Preferably, the face of each guide plate which abuts against centerplate 34 is color coded such as by a circular design around the opening aligned with a respective shroud 48. This will tend to assure appropriate positioning of the two cable ends relative to the respective conductors to be joined upon completion of the splice.
The other guide plate 46 is installed on the opposing cable end in a like manner. The likelihood of crossing conductors is minimized by the use of color codes as suggested above and by the fact that the long lengths of commercial heavy duty cables normal encountered are not easily manually rotated or to any great degree twisted. Proper alignment of the respective conductor ends may therefore be a relatively simple matter although recognized as an absolute necessity for successful repair.
After the guide plates 46 are positioned, the centerplate 34 is mounted to one end of the cut cable. Preferably, centerplate 34 is mounted to the cable end over which the sleeve 20 has been first mounted, however, this is simply a matter of choice.
The recommended procedure is to mount the centerplate firmly against the guide plate 46 mounted on the same cable end carrying sleeve 20 in a similar manner as the guide plates were mounted. If both the guide plates and the centerplate include the keying feature shown in the described embodiment, it is of course necessary to angularly align the centerplate 34 to assure that key means 42 and 43 are in proper alignment. It is, of course, desirable to assure that the respective outwardly extending end points of pins 36 extend sufficiently through the shrouds 48 to make a second electrical engagement with the respective conductors a certainity.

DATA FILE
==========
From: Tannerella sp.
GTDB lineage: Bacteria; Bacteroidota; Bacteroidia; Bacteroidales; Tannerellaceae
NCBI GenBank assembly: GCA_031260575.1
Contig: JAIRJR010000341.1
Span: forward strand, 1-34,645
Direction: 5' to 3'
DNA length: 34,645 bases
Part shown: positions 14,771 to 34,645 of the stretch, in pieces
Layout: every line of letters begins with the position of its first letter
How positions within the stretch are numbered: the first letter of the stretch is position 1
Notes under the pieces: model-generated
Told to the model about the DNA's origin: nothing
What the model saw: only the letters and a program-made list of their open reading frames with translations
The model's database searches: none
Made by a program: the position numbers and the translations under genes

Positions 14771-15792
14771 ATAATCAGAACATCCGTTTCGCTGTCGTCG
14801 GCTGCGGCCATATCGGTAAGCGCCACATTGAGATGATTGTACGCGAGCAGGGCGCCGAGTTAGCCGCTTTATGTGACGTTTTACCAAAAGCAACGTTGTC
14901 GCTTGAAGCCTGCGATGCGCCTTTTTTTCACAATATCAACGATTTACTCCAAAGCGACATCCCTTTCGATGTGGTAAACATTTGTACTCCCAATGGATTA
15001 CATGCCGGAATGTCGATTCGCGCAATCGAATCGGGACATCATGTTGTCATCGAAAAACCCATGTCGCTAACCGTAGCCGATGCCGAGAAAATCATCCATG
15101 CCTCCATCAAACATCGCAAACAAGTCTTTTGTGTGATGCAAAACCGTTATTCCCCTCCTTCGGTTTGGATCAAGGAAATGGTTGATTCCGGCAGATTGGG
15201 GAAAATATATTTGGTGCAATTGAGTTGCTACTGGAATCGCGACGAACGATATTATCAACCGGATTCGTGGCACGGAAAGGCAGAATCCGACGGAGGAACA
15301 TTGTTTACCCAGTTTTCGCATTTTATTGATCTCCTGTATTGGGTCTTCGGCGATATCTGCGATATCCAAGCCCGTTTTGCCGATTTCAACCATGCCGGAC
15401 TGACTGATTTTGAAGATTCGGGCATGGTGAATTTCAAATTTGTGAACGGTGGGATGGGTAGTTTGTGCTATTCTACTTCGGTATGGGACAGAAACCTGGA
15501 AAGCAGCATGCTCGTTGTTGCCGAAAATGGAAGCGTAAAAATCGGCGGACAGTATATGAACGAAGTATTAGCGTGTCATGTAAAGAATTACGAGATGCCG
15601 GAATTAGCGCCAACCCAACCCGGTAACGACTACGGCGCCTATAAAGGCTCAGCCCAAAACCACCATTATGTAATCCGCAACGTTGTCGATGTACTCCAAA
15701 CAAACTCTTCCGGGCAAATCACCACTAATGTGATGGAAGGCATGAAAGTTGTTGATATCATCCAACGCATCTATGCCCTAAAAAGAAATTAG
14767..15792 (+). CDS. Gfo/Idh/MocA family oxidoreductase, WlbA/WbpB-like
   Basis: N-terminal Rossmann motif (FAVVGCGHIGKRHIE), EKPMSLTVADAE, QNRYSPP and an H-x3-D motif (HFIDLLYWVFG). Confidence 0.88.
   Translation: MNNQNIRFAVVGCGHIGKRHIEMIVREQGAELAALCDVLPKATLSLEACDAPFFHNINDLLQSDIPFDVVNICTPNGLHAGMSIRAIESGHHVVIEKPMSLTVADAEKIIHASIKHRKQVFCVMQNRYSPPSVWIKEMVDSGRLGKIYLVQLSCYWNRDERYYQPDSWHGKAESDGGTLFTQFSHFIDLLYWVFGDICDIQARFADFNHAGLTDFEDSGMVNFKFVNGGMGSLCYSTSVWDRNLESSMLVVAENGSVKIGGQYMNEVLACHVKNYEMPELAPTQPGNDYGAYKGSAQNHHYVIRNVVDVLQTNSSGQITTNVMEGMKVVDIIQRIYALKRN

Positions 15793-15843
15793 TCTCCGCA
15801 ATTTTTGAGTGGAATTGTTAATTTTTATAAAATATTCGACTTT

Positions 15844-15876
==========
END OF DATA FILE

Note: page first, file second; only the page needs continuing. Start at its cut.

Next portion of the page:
Once the centerplate 34 is properly mounted on the cable end, sleeve 20 is slideably moved toward the cable end now carrying the centerplate 34 with the groove 44 aligned with the key means 42 and 43 on the centerplate and guide plate respectively. The sleeve is positioned far enough over the centerplate to provide for receiving the other end of the cable. Preferably, the centerplate is disposed approximately in the middle of the sleeve, but exact longitudinal centering is not critical.
When the sleeve is so positioned as described above, the collar 28 on the same portion of the cable as the sleeve 20 was disposed is brought into contact with the corresponding sleeve end and threaded onto the sleeve to secure that end of the sleeve to that portion of cable 21.